Although many builders are aware of the essential elements of an effective website, even the most compelling site can be a sales bust without the correct handling of online leads. BUILDER senior editor Jennifer Goodman talks with online marketing expert Mike Lyon about how to turn online leads into prospects that become buyers.
What are the ways that builders receive leads online?
The answer to this question has actually changed over the past few years. It used to be that an online lead or e-lead was generated when a customer filled out a form on a builder’s website requesting more information or leads from third-party listing services like NewHomeSource.com or Realtor.com.
However, most online sales programs now incorporate all leads generated by a variety of online sources. This will include a phone call from someone who saw your site, a Facebook or Twitter comment, an e-mail, or an online brochure request.
About 25% to 30% of all leads today are generated from online sources versus walk-in traffic. That’s a significant number and should command a focused follow-up and follow-through process.
How should online leads be handled?
A prospect should be responded to in five minutes or less, via email or phone, receive seven to nine contacts in the first month, and then one email and one phone call every month until the customer takes action or tells the sales executive to take a hike. Don’t worry about alienating potential buyers—customers will tell a salesperson if they have moved on or are no longer interested.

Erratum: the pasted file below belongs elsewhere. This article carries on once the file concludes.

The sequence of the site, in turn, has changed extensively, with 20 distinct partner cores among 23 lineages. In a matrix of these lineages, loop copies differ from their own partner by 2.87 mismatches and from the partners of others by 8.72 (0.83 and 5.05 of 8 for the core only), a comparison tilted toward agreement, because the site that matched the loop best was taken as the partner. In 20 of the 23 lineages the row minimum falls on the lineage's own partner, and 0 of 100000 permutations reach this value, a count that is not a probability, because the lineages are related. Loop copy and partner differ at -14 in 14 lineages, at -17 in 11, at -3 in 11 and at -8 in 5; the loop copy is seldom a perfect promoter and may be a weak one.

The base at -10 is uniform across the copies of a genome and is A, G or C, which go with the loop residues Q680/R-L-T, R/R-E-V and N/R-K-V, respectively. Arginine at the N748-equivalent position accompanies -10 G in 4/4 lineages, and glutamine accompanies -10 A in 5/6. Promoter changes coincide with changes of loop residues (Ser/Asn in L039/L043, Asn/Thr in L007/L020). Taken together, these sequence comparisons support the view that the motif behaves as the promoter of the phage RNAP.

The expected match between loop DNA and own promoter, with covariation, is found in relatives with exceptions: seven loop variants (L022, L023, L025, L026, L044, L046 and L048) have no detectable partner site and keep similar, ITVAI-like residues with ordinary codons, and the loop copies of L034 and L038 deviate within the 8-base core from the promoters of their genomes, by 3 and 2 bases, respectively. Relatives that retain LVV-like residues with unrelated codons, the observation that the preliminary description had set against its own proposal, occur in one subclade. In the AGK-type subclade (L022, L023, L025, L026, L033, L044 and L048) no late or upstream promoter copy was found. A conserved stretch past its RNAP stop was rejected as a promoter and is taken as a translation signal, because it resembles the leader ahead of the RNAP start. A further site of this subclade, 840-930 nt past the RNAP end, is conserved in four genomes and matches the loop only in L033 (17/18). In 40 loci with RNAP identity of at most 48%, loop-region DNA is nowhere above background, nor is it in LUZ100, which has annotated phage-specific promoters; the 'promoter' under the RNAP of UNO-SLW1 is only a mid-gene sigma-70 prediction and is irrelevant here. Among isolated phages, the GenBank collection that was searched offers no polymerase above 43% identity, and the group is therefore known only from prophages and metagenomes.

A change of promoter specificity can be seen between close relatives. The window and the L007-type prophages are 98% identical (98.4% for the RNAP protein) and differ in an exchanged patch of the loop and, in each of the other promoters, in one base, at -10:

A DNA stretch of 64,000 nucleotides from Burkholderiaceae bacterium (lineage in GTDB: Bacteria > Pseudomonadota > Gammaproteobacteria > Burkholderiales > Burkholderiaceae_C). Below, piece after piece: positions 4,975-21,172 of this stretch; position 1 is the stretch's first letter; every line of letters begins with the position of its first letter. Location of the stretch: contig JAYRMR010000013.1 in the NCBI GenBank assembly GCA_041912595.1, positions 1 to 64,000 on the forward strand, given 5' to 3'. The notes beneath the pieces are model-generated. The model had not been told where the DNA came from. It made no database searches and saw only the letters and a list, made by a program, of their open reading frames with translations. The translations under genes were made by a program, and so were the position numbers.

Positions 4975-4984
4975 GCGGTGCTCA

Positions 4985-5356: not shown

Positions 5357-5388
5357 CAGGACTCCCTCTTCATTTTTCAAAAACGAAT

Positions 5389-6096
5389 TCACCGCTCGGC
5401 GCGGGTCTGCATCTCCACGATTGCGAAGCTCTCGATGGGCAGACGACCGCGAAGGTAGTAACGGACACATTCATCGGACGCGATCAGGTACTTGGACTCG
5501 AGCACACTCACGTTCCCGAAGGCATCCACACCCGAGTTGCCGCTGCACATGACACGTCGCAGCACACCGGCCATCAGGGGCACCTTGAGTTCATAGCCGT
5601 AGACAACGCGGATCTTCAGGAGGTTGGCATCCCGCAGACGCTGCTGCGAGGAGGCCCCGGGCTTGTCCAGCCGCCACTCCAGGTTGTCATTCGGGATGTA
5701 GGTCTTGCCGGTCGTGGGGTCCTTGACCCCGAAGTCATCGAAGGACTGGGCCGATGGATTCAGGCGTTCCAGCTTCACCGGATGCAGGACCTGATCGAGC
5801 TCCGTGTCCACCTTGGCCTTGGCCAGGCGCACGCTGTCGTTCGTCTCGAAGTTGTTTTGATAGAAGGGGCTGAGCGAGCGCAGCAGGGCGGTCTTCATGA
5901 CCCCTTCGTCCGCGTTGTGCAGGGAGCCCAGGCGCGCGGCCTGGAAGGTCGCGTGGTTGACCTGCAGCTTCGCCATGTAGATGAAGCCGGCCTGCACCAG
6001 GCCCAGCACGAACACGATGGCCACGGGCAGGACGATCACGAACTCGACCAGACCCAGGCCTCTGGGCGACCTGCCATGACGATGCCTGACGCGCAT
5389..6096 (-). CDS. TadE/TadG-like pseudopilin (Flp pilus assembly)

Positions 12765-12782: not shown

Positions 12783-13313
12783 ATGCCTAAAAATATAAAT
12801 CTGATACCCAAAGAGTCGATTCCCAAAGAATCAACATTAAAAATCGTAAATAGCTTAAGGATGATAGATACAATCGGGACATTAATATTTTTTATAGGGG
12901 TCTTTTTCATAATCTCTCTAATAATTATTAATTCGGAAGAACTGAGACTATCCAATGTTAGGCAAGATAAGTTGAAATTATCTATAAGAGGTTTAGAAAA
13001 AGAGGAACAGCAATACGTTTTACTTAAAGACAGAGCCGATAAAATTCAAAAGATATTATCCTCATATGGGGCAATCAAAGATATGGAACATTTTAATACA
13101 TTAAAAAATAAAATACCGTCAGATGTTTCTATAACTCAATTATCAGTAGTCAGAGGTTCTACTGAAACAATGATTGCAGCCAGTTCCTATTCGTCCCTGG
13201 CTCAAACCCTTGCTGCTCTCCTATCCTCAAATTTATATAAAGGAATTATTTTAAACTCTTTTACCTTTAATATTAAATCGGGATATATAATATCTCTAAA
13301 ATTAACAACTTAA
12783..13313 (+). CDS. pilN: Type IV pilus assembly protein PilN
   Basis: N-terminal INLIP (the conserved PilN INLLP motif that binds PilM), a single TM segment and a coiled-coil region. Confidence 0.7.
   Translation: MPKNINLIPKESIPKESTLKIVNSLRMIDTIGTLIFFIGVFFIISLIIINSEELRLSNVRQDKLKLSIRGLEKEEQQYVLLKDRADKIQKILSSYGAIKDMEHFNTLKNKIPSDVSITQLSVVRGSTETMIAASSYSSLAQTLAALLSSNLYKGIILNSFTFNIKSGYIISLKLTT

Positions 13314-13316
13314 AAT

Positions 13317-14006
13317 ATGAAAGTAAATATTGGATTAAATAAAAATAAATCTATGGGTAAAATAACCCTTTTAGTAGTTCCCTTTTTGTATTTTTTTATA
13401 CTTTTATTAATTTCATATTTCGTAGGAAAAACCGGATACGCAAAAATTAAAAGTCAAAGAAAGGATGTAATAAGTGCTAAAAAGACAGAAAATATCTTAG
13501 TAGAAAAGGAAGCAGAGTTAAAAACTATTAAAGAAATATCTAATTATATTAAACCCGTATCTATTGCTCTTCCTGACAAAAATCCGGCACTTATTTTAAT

Why is it so crucial to convert these leads into customers?
Data show us that these types of leads are the most qualified and educated, meaning that these clients have done their homework and are prepared to buy. Online leads convert at a 300% higher rate than your standard “walk-in” traffic. So builders ignore them at their peril.
How can builders do a better job of working these leads?
Successful lead conversion must include the following:
—Speedy responses. Statistics show that the faster the response, the higher the conversion rate.
—A specific process for short- and long-term follow-up. Having an established process such as the five-minute response plan above ensures that prospects are cultivated according to a proven approach.
—Targeted messaging. Prepare targeted responses for every scenario so that the language is consistent, focused, and effective. The targeting can be based on the lead source, community of interest, or even the prospect’s interest level.
—And perhaps most important: a dedicated online sales counselor (OSC) who is trained to effectively interact with online prospects. How does the online sales counselor facilitate the sales process?
The OSC is key to making the Web-generated prospect understand that the next step in the process of planning their home is to work with the sales professional. The OSC should introduce the prospect to the on-site salesperson via phone or email. This doesn’t mean the OSC steps completely out of the picture. He or she should still provide support as needed.
Why do you say that 50% of online leads are mismanaged?
A 2013 online lead follow-up survey lays out the results pretty clearly. Out of some of the top 227 home builders in the country, 41% of sales agents did not respond to leads via email, and 74% did not respond via a phone call. Only 4% sent more than two emails and called the prospect more than once over a period of 30 days.
These numbers—which, by the way, have not really changed in the past four years—present a powerful opportunity for the builder who decides to follow up in the way I’ve outlined above.
Mike Lyon is the author of Browsers to Buyers: Proven Strategies for Selling New Homes Online. He uses his real-world knowledge of online marketing and sales to help builders nationwide generate and convert more leads. Click here for more information.